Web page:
...a companion blog to "Math-Frolic," specifically for interviews, book reviews, weekly-linkfests, and longer posts or commentary than usually found at the Math-Frolic site.

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"Mathematics, rightly viewed, possesses not only truth, but supreme beauty – a beauty cold and austere, like that of sculpture, without appeal to any part of our weaker nature, without the gorgeous trappings of painting or music, yet sublimely pure, and capable of a stern perfection such as only the greatest art can show." ---Bertrand Russell (1907) Rob Gluck

"I have come to believe, though very reluctantly, that it [mathematics] consists of tautologies. I fear that, to a mind of sufficient intellectual power, the whole of mathematics would appear trivial, as trivial as the statement that a four-legged animal is an animal." ---Bertrand Russell (1957)

******************************************************************** Rob Gluck

Friday, May 8, 2015

Weekly Linkfest


Some mathiness you might've missed:

1)  More and more of these 'traveling salesman'-like algorithm stories are showing up in the popular press:
http://tinyurl.com/oslersw

2)  John McGowan reviews (and recommends) "Statistics Done Wrong: The Woefully Complete Guide" by Alex Reinhart:
http://math-blog.com/2015/05/04/review-of-statistics-done-wrong-the-woefully-complete-guide/

3)  Spurious correlations (I'm shocked, SHOCKED I tell you!) via Deborah Mayo:
http://tinyurl.com/mhhdrrj

4)  Teaching 'mathematical modeling' to improve the experience of middle and high school students:
http://www.americanscientist.org/blog/pub/5-reasons-to-teach-mathematical-modeling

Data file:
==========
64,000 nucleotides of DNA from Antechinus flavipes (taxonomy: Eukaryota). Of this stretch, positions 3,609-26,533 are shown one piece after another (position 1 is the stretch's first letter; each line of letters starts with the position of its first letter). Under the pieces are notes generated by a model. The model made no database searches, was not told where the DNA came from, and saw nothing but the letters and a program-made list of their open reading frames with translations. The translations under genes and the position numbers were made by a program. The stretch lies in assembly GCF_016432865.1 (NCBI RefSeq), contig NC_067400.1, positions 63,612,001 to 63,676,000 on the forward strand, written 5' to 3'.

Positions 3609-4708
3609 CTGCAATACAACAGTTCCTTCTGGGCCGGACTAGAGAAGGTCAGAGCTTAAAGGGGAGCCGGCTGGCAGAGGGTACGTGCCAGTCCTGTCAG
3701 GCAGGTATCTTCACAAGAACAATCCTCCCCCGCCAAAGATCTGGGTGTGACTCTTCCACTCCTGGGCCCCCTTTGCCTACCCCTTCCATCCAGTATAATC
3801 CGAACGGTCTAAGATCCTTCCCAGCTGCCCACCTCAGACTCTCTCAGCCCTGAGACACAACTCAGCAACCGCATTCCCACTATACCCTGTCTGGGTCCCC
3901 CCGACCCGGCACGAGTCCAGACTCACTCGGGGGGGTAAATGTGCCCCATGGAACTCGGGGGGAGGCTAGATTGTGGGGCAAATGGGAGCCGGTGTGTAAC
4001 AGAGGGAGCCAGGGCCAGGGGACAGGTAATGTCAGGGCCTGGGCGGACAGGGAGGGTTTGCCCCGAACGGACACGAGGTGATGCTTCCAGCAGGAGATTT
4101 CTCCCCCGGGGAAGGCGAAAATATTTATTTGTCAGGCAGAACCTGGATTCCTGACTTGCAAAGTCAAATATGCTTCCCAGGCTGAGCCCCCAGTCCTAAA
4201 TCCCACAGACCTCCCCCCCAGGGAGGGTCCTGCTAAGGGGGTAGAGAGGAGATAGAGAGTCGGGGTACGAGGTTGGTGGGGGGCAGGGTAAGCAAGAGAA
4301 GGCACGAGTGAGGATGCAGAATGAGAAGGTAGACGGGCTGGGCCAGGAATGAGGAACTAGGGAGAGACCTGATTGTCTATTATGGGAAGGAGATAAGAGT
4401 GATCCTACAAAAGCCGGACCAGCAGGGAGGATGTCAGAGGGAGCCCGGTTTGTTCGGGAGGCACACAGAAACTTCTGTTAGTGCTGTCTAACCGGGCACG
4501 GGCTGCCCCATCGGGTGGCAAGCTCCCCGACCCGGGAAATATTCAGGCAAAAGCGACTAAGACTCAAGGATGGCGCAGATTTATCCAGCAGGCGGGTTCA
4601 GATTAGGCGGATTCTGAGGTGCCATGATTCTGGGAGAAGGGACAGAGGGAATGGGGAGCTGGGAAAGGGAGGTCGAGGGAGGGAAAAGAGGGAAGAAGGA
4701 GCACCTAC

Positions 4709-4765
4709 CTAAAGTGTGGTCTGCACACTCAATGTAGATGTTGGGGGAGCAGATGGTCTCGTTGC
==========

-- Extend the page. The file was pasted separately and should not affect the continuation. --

5)  Ben Orlin (and his doodles) on why 'good questions' are the ammo and fuel of mathematics, and thus a precious resource:
http://mathwithbaddrawings.com/2015/05/06/america-will-run-out-of-good-questions-by-2050/

6)  How computers have changed the nature of mistakes in math:
http://nautil.us/issue/24/error/in-mathematics-mistakes-arent-what-they-used-to-be

7)  Interesting piece on number glitches leading to computer malfunctions:
http://www.bbc.com/future/story/20150505-the-numbers-that-lead-to-disaster

8)  Jo Boaler's latest piece trying to debunk commonly-held misconceptions:
http://hechingerreport.org/memorizers-are-the-lowest-achievers-and-other-common-core-math-surprises/

...and, by the way, Keith Devlin writes supporting (again) Jo's work here:
http://devlinsangle.blogspot.com/2015/05/time-to-re-read-or-read-whats-math-got.html

9)  Eugenia Cheng's new book "How To Bake Pi" is getting plenty of well-deserved attention around the Web. Almost certainly the best introduction to 'category theory' around for a general audience. (I'll have a review up at some point.)
...and perhaps my favorite tweet-of-the-week (with a link to xkcd) came from Dr. Cheng :-):
https://twitter.com/DrEugeniaCheng/status/596538673736192000

10)  On Twitter, Edmund Harriss passed along this recent YouTube clip of Philip Wadler explaining a lot about "computability theory" in under 9 minutes of education + laughs:
https://www.youtube.com/watch?v=GnpcMCW0RUA

11)  Lest I forget, someone named Mike usually has some interesting lessons going on at his domicile:
https://mikesmathpage.wordpress.com/


Potpourri BONUS! (extra non-mathematical links):

  Last week, TEDRadio Hour replayed this 12-minute episode with the incredible Diana Nyad:
http://www.npr.org/2014/07/18/331332721/what-does-it-take-to-dive-into-dangerous-waters



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